For the liquid jet to rotate and coil steadily with a constant radius R, the overall torque must be balanced. The balance between the electric torque and viscous torque yields . By substituting and , a scaling law for the coiling frequency can be deduced:

To test this prediction, we examined the dependence between the coiling frequency and the jet radius by varying the electric field intensity and volumetric flow rates, using different viscous liquids. All experimental data falls onto a line fitted by a power law , which agrees well with the theoretically predicted scaling law (1) as shown in Fig. 2.

Figure 2
figure 2

A log-log plot of against jet radius, r, based on the scaling law (1).

The red and blue symbols correspond to different viscous liquids, lecithin from soy bean and polyglycerolpolyricinoleate (PGPR), respectively. The shape of symbols corresponds to different flow rates of 10 ml/h (), 20 ml/h (), 30 ml/h (), 50 ml/h (▲), 70 ml/h (), 150 ml/h (), respectively. The size of the nozzle used for flow rates of 10 ml/h, 20 ml/h, 30 ml/h and 50 ml/h is 0.92 mm and that for flow rates of 70 ml/h and 150 ml/h is 1.4 mm. All data are fitted by the relation , represented by the grey dash line, confirming the scaling law (1).

Formation of ring patterns from the coiling of a compound jet comprising two viscous liquids

As a viscous jet coils under an electric field, more liquid surface area is created. If a compound jet comprising of two viscous liquids is set to coil, the increase in surface area between these two liquids as a result of coiling can potentially be harnessed to promote their mixing (Fig. 3 and Movie 2 in Supplementary information). Due to the large viscosities and the consequently low Reynolds number, the flow of the two viscous liquids is laminar33. A sharp interface between these two liquids is observed in the absence of coiling (See Fig. S4a,b in Supplementary information). Intriguingly, when the compound jet is set to coil under electric field, the interface between these two liquids forms a ring pattern (See Fig. S4c,d in Supplementary information). Within this ring pattern, the distance, , between the neighboring liquid phases is significantly reduced, comparing to the case of no coiling. In this manner, the coiling of compound viscous jets may potentially enhance the mixing between them, which usually takes place extremely slowly for low Reynolds number flows33,34.

Figure 3
figure 3

Schematic showing two neighboring touching viscous jets flow in parallel

(a) forms a straight compound jet in the absence of applied voltage; (b) the compound jet is induced to coil with an applied voltage; (c) Schematic shows the deposited puddle on the substrate. (d) A series of high speed camera images showing the compound jet, comprising two dyed silicone oils, coils under different applied voltage from 0 kV to 6 kV and the same dispensing height, 13 mm. A distinctive interface exists between the green and red regions. The scale bar is 2 mm. (e) A log-log plot of as a function of Ω; the dash line shows a power-law fit to the data with an exponent of -1, confirming our theoretical prediction . (f) Optical microscope images of the ring pattern from the resin coils spreading onto the collection plate under different applied voltages, 0 kV, 4 kV, 5 kV, 6 kV, 7 kV, 8 kV, respectively. The compound viscous liquids used here are two parts of a reactive epoxy resin. The reaction between resins typically takes a few minutes, while the spreading of resins typically takes seconds. Thus, the resins spread to form a flat puddle on the substrate long before solidification is completed. The flow rates of the two parts of an epoxy resin are kept at 15 ml/h for all the images. The same amount, 400 μL, of the epoxy resins was collected in all samples. The scale bar is 500 μm. All the images of the deposited puddle on the collection plate are taken immediately after the jet comes into contact with the substrate.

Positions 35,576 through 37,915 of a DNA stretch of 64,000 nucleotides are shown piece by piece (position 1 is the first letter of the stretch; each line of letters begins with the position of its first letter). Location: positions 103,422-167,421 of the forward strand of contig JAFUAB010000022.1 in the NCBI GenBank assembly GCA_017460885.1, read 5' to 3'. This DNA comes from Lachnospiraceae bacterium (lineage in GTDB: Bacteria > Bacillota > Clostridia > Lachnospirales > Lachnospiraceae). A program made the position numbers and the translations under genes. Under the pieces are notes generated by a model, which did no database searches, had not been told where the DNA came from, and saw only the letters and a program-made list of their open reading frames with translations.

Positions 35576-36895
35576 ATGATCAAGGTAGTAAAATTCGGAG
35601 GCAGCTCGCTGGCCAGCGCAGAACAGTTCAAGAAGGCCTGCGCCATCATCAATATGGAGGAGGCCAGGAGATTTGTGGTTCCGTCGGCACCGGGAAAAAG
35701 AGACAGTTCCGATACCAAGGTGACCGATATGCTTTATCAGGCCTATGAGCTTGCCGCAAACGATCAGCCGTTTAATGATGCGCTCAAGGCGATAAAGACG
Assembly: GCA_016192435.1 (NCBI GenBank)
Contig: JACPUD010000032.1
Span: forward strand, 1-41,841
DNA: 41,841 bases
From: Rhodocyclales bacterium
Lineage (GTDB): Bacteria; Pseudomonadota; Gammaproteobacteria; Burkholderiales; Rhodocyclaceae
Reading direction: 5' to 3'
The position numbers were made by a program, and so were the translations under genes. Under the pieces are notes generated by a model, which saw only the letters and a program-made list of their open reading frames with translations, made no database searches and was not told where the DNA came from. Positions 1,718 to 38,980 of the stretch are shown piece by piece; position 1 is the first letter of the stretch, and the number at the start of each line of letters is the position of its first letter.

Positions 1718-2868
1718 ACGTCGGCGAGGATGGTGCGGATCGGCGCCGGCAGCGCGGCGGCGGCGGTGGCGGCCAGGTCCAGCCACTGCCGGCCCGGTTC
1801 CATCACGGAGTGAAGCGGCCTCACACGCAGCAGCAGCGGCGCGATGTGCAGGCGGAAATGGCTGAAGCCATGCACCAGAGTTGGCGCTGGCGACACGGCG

More interestingly, the distance between the rings, , strongly depends on the coiling frequency of the compound viscous jet. As the compound viscous jet coils faster under an increasing applied voltage as shown in Fig. 3d, the ring pattern with a smaller distance will be formed. The coiled compound liquid jet deposits onto the substrate and spreads to form a puddle with a radius, and a height, , as illustrated in Fig. 3c. Due to mass conservation, the radius of the deposited puddle is . Meanwhile, as the jet coils, the number of rings, N, scales linearly with the coiling frequency, Ω and the time, t: . Moreover, the radius of the deposited puddle can be estimated as:, thus giving (Fig. 3c). Therefore, should scale linearly with the reciprocal of the coiling frequency, under constant flow rate, collection time and fixed height of the puddle35. To verify this scaling relationship, we compare the ring patterns formed from the coiling of the same compound viscous jet at different frequencies. Indeed, in a log-log plot of against the coiling frequency, Ω, the data collapse onto a straight line with a slope of −1, confirming our prediction, , in Fig. 3e,f. At a low coiling frequency, the distance between the rings can be observed macroscopically with naked eyes. However, at a high coiling frequency, the distance between the rings are too small to observe without resorting to high-magnification microscopy (Fig. 3f). These results suggest that the distance between different liquids, represented by , can now be tuned by the coiling frequency of the compound jet. Therefore, the electrical approach can facilitate the use of coiling for mixing by enabling the tuning of the coiling frequency precisely and efficiently.